Homozygous Ebony: This mutation is jet black all over, including the stomach.


Diet and care


Water: A source of fresh water should be available for chinchillas at all times. A bottle is recommended rather that a bowl, as it is much more sanitary. A bottle that hangs from the side of the cage is the best method to provide water.


Pellets: Chinchilla pellets are the staple food of chinchillas, which provides the nutrition needed for healthy pets. Although other pet foods, such as rabbit or guinea pig food may be made of the same ingredients, it is important to use only chinchilla food as it has been formulated specifically for these animals


Hay: Though pellets provide the nutrients necessary for a healthy chinchilla, it is hay that provides the fiber that their system requires. Timothy hay must be available on a daily basis. Hay should be stored in a dry place to prevent it from going moldy.  


Treats: Chinchillas love raisins, cranberries and apples among other sweet food but it is highly recommended not to offer them often. Please use them very sparingly! (I have given nursing mothers water with a very small amount of cranberry juice mixed in it because I have found they will drink a lot more which is good while they are nursing their young. Cranberry juice is supposed to help a new mother's milk to come in, if it has not already.)


Vitamin Supplements: They require vitamins, calcium and minerals to keep them healthy. Calcium can be found in cuttlebones, in pill form, or by giving calcium blocks to your chinchillas. Vitamin C is found in pill form or in rosehips.


Grooming: Chinchillas need to have dusts baths to keep their coats in good condition. Chinchilla dust can be bought at most pet “specialty” stores. It is a special dust and should never be substituted with sand etc.. Chinchillas have the finest fur of all the mammals which makes them feel extremely soft to the touch. They are very clean with no noticeable odor and their dense fur is not inviting to lice, fleas and other parasites. However because of their dense fur it attracts moisture and holds it in. Therefore they must be kept in a dry location and clean Chinchilla specialty dust must be available to them at all times.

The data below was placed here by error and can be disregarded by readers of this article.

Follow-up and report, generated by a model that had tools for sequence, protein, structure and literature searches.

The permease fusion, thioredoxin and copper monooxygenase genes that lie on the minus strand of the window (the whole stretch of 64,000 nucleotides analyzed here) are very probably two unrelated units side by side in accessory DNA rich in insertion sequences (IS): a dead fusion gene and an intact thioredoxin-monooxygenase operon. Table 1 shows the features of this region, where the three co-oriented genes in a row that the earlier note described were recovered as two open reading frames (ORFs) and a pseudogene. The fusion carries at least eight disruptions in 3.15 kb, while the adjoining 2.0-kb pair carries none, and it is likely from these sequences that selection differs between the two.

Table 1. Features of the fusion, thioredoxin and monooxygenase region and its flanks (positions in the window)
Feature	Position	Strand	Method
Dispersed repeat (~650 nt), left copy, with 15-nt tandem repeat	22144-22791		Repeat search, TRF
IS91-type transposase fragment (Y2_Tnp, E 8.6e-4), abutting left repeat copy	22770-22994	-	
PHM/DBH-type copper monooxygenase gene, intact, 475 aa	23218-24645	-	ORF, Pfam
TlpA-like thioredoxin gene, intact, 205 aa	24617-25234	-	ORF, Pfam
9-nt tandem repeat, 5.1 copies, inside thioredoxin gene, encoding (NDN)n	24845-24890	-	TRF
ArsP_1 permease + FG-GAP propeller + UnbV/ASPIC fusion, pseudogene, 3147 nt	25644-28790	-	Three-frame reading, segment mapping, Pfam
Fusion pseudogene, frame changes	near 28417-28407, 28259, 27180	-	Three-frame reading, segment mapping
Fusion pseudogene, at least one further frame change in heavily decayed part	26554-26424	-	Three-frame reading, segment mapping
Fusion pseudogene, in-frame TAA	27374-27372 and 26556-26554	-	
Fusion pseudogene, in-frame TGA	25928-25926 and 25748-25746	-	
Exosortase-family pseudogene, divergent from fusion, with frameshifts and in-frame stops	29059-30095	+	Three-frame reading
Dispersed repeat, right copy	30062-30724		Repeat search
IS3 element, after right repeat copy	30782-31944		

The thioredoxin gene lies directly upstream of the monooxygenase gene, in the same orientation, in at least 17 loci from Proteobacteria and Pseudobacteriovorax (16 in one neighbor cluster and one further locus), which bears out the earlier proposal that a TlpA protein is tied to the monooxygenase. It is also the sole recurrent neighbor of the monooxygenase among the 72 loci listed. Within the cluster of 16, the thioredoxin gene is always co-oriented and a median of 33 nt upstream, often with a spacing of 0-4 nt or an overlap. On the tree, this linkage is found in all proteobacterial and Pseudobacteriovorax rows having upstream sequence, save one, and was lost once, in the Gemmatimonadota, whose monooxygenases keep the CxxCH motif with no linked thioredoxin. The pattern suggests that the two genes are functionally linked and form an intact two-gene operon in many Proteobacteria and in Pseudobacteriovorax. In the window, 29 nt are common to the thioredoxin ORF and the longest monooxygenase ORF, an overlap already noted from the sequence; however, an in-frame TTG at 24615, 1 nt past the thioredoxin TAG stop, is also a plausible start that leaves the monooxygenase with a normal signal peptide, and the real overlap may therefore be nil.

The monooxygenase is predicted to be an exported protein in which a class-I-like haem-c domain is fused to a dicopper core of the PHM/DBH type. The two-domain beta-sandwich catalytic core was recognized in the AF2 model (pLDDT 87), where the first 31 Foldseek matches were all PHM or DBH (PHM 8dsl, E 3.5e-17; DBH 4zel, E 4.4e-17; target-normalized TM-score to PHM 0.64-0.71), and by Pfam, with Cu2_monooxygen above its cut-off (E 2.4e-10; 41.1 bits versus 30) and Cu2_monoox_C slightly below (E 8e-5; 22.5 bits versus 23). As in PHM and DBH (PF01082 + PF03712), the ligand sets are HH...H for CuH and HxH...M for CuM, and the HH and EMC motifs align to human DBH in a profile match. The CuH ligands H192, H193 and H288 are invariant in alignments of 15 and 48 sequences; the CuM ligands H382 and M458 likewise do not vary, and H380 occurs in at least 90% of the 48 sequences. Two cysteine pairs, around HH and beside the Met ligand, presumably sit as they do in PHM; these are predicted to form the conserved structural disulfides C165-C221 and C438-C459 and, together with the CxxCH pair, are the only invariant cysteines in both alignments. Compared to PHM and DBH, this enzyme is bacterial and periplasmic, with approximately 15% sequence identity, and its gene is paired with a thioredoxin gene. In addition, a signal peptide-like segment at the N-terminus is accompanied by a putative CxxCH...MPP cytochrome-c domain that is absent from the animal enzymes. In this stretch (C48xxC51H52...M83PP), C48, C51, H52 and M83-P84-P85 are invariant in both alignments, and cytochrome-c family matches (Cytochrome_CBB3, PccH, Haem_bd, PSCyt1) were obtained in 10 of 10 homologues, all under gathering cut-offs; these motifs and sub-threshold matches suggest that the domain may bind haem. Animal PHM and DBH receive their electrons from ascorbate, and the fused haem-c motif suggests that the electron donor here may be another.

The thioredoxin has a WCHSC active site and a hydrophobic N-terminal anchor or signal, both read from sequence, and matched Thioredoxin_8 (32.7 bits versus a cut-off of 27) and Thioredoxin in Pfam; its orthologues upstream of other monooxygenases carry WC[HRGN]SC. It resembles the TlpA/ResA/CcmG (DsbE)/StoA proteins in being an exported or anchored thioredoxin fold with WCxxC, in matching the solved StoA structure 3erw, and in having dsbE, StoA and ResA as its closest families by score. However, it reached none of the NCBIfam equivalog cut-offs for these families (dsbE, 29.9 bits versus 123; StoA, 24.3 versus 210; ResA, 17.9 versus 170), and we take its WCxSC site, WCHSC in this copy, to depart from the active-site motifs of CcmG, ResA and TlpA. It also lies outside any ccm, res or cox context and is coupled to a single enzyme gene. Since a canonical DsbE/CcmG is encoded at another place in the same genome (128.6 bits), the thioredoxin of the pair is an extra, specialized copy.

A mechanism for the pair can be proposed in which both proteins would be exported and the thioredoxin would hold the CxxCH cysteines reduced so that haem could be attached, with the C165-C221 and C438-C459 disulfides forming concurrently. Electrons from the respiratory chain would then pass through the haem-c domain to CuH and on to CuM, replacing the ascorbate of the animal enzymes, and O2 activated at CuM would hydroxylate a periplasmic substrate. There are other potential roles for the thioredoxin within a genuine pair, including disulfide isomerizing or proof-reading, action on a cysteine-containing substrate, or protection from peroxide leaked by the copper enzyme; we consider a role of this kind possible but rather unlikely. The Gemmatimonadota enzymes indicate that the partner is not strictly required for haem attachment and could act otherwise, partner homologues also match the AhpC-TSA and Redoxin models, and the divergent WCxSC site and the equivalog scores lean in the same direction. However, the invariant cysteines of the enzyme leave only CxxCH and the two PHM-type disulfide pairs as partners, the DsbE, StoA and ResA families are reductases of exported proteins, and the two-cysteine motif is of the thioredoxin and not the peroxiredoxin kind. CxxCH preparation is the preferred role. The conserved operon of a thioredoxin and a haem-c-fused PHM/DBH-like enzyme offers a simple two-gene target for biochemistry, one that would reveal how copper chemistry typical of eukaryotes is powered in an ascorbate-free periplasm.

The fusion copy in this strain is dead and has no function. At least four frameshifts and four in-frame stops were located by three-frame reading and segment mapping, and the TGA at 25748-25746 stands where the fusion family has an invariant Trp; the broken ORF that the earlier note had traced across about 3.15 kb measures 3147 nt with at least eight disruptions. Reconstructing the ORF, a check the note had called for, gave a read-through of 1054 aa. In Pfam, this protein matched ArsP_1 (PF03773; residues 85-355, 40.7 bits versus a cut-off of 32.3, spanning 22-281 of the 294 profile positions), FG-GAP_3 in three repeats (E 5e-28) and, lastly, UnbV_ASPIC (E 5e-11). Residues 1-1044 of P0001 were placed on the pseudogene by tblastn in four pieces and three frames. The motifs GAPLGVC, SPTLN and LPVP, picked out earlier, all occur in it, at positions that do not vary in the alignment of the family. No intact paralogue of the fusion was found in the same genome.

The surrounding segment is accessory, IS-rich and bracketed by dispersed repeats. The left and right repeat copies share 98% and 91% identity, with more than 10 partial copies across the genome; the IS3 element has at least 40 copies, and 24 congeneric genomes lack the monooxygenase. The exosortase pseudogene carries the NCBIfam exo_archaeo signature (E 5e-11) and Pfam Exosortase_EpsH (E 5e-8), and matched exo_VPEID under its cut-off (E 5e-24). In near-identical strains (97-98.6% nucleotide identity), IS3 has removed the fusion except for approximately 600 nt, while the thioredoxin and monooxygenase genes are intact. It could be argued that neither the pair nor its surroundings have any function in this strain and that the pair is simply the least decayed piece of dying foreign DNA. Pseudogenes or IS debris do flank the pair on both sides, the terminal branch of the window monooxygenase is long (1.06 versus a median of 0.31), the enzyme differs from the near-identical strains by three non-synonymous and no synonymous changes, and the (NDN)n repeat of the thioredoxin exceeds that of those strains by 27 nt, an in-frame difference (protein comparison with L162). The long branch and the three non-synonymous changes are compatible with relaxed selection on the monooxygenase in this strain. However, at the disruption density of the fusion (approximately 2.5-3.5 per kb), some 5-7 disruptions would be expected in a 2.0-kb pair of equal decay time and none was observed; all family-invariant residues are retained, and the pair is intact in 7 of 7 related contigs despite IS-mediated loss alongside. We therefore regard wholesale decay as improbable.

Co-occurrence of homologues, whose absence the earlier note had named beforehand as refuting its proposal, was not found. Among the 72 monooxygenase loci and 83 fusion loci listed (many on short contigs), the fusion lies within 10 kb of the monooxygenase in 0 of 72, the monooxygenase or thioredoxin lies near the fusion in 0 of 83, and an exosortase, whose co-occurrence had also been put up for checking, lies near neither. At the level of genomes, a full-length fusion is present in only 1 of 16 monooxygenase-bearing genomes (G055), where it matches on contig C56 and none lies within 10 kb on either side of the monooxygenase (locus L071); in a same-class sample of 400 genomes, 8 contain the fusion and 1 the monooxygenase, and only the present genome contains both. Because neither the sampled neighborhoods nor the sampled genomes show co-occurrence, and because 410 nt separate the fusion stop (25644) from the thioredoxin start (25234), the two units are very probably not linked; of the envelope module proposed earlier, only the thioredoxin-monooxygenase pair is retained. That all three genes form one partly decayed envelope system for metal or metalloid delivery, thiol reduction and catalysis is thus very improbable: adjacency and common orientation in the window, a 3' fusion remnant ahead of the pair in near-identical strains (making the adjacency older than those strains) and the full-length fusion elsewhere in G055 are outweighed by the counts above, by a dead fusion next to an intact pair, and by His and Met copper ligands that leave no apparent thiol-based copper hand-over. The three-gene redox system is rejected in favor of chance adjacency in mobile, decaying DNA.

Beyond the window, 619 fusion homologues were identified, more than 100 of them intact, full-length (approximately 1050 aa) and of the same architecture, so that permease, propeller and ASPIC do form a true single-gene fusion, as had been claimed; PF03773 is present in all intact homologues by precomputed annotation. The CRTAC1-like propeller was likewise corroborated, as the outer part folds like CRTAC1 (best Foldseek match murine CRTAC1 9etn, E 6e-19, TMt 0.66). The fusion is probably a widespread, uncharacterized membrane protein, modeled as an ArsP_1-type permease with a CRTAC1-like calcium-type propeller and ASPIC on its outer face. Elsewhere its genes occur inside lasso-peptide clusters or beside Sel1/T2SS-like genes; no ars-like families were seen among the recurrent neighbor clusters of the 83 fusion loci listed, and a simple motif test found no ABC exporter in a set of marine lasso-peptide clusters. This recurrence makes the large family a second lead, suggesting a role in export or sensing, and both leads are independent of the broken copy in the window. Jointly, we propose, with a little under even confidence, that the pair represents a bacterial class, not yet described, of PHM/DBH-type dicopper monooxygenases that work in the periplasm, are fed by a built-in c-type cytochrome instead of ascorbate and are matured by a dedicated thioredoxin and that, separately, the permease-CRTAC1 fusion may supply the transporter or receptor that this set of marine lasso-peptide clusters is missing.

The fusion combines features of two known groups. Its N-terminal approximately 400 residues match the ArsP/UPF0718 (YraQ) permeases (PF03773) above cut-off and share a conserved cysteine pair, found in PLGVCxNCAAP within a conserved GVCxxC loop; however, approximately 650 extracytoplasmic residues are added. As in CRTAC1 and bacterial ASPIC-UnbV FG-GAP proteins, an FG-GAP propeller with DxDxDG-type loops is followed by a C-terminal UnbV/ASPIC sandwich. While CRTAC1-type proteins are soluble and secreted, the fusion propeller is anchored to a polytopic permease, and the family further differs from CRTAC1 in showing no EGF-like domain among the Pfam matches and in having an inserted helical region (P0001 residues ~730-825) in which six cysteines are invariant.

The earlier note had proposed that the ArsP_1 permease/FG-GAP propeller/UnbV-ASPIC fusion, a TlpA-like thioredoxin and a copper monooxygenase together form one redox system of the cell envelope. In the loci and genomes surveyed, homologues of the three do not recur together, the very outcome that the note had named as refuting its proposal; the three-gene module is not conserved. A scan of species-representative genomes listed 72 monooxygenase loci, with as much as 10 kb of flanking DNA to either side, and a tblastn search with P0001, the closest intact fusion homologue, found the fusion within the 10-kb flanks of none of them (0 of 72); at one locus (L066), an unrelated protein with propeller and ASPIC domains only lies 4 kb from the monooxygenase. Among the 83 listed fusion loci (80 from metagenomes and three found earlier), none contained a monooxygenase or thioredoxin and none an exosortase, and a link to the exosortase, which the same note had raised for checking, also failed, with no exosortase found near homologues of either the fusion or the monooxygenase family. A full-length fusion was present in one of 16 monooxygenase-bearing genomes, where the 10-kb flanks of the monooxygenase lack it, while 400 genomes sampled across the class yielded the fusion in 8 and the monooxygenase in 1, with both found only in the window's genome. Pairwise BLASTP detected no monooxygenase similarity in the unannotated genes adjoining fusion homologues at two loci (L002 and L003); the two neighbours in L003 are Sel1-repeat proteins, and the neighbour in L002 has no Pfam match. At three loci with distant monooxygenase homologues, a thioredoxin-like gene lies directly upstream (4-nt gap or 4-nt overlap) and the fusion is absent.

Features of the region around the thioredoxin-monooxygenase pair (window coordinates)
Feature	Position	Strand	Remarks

Teeth Care: Chinchilla teeth grow continuously. That is why you will find your chinchilla chewing every chance he gets. To help them keep their teeth trim you must provide a block of natural untreated wood for your pet to chew on.


Housing:  Although a chinchilla cage should never be smaller than 3' L X 3' W X 2' H, you should always provide all cage pets with the largest cage you can accommodate. Chinchillas are active little pets and they do enjoy exploring so, additional platforms and climbing areas are usually most welcomed.


Sleeping Den: In the wild Chinchillas make small dens under rocks so to help them feel more secure, be sure to provide a sleeping hut for the animals’ privacy. Sleeping dens can range from small cardboard boxes to a variety of plastic and wooden houses that are sold in Pet “specialty” stores.


Bedding: Furnish the floor with natural corn cob bedding or untreated wood shavings.  Chinchillas’ have a tendency to taste everything. Make sure the bedding you use does not contain paint, weather treatment, or any type of lacquer/ varnish resins! Another good choice for bedding is a soft wood pellet litter which is non-toxic, and absorbs moisture which helps to keep the cage drier. Avoid cedar or chlorophyll shavings as many breeders have linked these products to respiratory diseases and liver disease. Before using any new products for your pet, always read the ingredients and ask the retailer to suggest something that meets your needs.